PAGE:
Models predict that culling is not a feasible strategy to prevent extinction of Tasmanian devils from facial tumour disease
Beeton, N and McCallum, H, Models predict that culling is not a feasible strategy to prevent extinction of Tasmanian devils from facial tumour disease, Journal of Applied Ecology, 48, (6) pp. 1315-1323. ISSN 0021-8901 (2011) [Refereed Article]
1. Culling, either of all animals or infected animals only, is often suggested as a way of managing
infectious diseases in wildlife populations. However, replicated experiments to investigate culling
strategies are often impractical because of costs and ethical issues. Modelling therefore has an
important role. Here, we describe a suite of models to investigate the culling of infected animals to
control an infectious cancer in the Tasmanian devil Sarcophilus harrisii.
2. The Tasmanian devil is threatened by an infectious cancer, Tasmanian devil facial tumour
disease. We developed deterministic susceptible, exposed and infectious (SEI) models with diﬀering
ways of incorporating the time delays inherent in the system. We used these to investigate the
eﬀectiveness for disease suppression of various strategies for the removal of infected animals.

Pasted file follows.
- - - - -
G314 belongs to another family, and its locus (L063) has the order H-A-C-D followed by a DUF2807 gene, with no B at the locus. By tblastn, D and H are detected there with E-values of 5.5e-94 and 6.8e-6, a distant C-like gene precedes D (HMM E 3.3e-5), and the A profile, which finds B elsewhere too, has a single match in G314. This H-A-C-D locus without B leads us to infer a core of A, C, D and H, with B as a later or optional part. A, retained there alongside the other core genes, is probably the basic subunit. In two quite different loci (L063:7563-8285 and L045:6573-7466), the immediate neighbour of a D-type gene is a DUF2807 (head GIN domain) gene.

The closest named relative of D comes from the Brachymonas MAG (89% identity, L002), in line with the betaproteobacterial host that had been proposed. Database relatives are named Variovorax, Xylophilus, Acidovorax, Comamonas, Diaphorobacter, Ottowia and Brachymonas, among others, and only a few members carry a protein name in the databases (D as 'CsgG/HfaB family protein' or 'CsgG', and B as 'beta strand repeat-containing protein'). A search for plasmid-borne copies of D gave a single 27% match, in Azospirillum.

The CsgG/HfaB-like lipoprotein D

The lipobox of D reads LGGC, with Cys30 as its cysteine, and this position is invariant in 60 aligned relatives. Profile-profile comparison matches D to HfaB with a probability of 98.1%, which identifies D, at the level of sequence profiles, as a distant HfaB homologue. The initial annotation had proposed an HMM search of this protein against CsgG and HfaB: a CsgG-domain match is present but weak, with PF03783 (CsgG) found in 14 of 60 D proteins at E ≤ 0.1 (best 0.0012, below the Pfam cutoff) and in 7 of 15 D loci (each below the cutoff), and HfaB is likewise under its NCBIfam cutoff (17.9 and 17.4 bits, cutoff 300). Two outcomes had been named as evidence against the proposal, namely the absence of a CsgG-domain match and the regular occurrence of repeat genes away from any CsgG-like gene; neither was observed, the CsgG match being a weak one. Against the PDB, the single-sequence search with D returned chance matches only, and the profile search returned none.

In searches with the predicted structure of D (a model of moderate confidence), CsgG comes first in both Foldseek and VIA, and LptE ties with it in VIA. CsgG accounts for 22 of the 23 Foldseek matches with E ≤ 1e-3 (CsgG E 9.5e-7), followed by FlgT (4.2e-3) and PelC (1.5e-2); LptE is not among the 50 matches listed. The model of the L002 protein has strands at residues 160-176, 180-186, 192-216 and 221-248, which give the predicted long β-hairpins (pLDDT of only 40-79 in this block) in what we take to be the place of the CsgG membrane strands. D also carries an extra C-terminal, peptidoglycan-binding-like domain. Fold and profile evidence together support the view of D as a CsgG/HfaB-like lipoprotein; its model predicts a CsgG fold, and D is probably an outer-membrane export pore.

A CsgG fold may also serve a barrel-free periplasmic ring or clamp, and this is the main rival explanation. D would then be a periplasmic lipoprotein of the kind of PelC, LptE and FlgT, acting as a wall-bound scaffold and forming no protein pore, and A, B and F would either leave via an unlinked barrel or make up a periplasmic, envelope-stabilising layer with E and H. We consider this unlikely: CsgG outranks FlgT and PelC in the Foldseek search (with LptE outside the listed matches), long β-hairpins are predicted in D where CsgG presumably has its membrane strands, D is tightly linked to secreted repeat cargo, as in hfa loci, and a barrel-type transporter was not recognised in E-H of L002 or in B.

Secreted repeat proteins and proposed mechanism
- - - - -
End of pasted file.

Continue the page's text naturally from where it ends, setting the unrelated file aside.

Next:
3. The predictions of our models were consistent with empirical time series on host population
dynamics and disease prevalence. This implies that they are capturing the essential dynamics of the
system to a plausible extent.
4. A previous empirical study has shown that removals every 3 months did not appear to be
suﬃcient to suppress disease in a semi-isolated infected population. Our models are in accordance
with this observed result. The models further predict that while more frequent removals are more
likely to be eﬀective, the removal rate necessary to successfully eliminate disease may be too high to
5. Synthesis and applications. Our results, in association with a previous experimental study, show
that culling is unlikely to be a feasible strategy for managing Tasmanian devil facial tumour disease.
Similar conclusions have been reached in studies of other wildlife diseases. We conclude that culling
is rarely appropriate for controlling wildlife diseases and should only be attempted if models predict
that it will be eﬀective.